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December 28, 2011

looking back

by Andrea O'Connell
English: Casey Anthony has been booked into th...

Image via Wikipedia

2011 is coming to an end.  The year has flown by.  Every year don’t we all say, “My, this year has really flown by?!”  And the years do go by pretty quickly, especially as we age.

Time seemed to crawl when I was young.  Was it like that for you, too?

This year flew, though it seemed to stand still, too, at times.

I wrote a blog post every single day in 2011.  To date, I have 608 posts. This one will make 609.

I never thought I’d actually write something every day for an entire year, but I did.  In fact, I wrote a post every day in December 2010 so this is month 13 of my Post-a-day challenge.

It was pretty easy, really.   The Casey Anthony saga gave me so much material!  There were the lawyers on the defense team – how bizarre they were.  The defense attorney’s gave me a lot of colorful content.  And, the Anthony family, Cindy and George and their antics, provided all kinds of fanciful copy as well.

I was very critical of the Anthony defense team, especially Jose Baez, because he deserved it. His courtroom antics were gross and demeaned the legal profession, at least in my opinion.  However, as far as George and Cindy Anthony go – I was too hard on them, at times.  Most bloggers were.

The mainstream media helped sensationalize the situation, as did the overflow of documentation made possible by Florida’s Sunshine law.  Still, bloggers had a field day with the Anthony’s.  I did too.

I am sorry I jumped on the bandwagon and made hay out of the George and Cindy stories – the discovery that was released in the case.  I feel badly, looking back at the last three years of this case, that I judged and criticized them too often, as I know I did.

I think, in hindsight, that I forgot they were real people.  They are hardly perfect and as capable of making stupid mistakes as I am.  I think that comes from being human.

I have never lived under a microscope, I have never had a daughter or a granddaughter, I have never known anyone who either committed or was a victim of murder, not to mention a murder as heinous as Caylee’s was.

During the trial, I felt sorry for both Anthony’s.  In hindsight I realize they only ever wanted to do the right thing for a daughter they doted on.  As despicable as her acts were, the Anthony’s loved her.  She is their daughter.  She destroyed them and they allowed it to happen because they thought that was love.  They thought they were loving and perfect parents.  I think all parents believe they are.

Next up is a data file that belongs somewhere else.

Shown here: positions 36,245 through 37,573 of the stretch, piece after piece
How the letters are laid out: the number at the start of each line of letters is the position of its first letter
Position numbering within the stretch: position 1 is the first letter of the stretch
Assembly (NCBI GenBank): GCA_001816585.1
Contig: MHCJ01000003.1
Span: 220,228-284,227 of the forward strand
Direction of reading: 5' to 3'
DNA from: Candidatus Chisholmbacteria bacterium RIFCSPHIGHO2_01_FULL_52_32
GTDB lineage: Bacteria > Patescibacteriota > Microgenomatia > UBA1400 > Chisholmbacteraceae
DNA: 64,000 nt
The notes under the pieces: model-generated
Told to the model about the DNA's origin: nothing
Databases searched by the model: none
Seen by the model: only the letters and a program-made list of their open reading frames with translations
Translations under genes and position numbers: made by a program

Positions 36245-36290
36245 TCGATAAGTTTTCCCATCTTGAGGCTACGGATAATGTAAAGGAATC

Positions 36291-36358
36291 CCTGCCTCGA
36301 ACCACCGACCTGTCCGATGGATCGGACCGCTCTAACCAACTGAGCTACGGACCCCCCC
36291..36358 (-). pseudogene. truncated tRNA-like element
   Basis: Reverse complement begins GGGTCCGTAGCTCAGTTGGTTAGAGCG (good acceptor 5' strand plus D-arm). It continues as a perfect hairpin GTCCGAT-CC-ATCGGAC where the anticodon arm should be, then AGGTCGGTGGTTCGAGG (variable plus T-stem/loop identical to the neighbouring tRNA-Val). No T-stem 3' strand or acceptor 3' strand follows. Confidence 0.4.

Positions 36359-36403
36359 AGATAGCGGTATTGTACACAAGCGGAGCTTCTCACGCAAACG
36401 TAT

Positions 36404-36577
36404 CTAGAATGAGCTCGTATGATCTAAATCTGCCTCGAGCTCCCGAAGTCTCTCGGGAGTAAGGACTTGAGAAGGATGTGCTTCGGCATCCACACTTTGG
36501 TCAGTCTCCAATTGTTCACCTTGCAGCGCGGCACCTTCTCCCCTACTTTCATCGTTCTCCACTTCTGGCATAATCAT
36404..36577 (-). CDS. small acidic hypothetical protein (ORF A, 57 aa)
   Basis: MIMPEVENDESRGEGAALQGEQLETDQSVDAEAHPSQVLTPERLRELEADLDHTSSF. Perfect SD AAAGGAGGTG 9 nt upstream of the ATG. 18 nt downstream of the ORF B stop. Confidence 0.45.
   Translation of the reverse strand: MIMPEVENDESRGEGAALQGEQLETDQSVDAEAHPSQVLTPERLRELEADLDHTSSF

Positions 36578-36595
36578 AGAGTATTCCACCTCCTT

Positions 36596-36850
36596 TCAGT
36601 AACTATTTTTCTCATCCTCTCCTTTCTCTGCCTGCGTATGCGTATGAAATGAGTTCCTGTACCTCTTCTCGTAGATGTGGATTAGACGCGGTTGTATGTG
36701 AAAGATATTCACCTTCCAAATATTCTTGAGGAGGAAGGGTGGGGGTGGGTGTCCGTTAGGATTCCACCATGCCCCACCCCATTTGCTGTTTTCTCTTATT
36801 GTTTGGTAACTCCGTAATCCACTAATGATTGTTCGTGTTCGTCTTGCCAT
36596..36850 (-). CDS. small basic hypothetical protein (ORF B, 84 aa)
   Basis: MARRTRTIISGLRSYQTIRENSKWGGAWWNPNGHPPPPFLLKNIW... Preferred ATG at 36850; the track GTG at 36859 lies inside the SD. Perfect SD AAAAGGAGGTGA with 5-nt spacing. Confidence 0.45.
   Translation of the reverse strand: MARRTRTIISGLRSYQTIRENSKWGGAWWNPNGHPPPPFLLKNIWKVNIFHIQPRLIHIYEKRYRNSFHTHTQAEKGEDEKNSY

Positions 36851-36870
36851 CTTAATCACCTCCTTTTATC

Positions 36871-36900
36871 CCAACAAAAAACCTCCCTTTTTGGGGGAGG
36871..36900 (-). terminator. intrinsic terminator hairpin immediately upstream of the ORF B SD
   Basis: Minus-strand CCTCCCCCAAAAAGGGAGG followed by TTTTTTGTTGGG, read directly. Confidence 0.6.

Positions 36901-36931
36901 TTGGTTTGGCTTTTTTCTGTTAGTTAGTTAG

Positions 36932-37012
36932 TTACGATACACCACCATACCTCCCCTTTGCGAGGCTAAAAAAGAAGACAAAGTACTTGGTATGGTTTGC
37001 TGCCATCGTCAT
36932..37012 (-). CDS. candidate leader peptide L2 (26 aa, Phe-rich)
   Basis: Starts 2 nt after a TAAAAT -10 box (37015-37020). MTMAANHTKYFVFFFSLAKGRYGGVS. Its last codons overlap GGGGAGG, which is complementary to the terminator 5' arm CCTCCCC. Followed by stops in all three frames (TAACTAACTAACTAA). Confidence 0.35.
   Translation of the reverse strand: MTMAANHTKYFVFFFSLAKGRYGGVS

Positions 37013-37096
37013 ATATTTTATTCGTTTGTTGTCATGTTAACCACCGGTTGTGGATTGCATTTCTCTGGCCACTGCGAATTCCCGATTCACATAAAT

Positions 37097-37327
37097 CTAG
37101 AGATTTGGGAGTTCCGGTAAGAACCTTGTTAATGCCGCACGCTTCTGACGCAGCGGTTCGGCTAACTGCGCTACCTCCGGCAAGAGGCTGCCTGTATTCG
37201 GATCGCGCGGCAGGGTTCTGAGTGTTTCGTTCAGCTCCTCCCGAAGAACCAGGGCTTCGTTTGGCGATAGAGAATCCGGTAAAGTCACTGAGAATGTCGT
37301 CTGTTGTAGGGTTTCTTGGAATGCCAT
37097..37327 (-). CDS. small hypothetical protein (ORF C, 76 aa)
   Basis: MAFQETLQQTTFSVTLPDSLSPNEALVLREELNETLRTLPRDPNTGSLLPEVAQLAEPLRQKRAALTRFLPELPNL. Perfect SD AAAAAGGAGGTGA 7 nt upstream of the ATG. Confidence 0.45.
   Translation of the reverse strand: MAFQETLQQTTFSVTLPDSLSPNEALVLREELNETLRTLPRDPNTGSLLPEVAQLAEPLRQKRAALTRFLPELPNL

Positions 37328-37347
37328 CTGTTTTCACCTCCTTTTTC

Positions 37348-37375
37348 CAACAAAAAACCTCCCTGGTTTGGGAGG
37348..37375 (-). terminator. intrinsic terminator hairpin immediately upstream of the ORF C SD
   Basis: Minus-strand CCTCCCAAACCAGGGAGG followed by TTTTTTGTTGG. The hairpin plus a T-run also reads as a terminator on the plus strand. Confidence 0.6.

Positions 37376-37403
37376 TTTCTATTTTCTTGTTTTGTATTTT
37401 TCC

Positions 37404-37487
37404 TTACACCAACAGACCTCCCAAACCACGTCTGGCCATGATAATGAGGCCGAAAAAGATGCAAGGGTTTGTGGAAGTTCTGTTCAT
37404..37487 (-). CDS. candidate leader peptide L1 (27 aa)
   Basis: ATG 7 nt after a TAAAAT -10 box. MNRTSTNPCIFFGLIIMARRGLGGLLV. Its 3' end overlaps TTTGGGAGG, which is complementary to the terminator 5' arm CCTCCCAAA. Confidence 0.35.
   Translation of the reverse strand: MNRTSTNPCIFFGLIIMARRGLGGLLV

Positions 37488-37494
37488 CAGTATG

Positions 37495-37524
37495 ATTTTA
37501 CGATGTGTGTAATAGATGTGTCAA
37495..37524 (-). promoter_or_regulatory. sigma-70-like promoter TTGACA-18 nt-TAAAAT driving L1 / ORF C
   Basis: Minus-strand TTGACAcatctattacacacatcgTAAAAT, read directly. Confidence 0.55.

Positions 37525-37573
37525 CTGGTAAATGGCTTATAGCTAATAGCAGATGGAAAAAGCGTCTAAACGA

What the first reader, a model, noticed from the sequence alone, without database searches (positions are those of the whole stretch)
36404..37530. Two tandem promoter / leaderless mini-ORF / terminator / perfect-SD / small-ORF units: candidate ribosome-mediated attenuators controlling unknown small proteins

I did some research and reading about how parents – whose children were murderers, behaved and learned that the Anthony’s were not so unusual after all.

Some parents will protect their children no matter what the cost.  Even the most law-abiding people will convince themselves their son/daughter couldn’t possibly be guilty, despite solid evidence that says otherwise. Parents will usually ride a ship called denial across the Nile river for the rest of their lives, if that’s what it takes to maintain their sanity and their love for their child.

It’s easy to believe I’d be different from the Anthony’s, but until I’ve walked in their shoes, how can I know?

Having seen George brought to his knees by his own daughter during the trial makes me feel badly that I judged him.  Watching Cindy Anthony literally crumble on the stand as she relived the pain of loosing both her daughter and Caylee, makes me feel very badly to have judged her at all.

Weren’t the Anthony’s just ordinary people who were thrown into an extraordinary Orlando firestorm?    I think so.

All the crazy proselytizing Cindy did in the media to make Casey into a saint and a good mother helped to make the Anthony’s seem all the more dysfunctional.   Little did they know they were inadvertently putting themselves in front of their own daughter’s version of a firing squad.

The video tapes we saw of the Anthony’s were of them at their most vulnerable.   George and Cindy Anthony seemed to take a wrong turn and make the wrong decision constantly, and we saw it unfold, moment to moment.

I’d like to think I would have acted totally differently in every regard.  But then again, I’ve never been in the lion’s den for three years, let alone three minutes.

The Anthony’s were living their lives as best they could.

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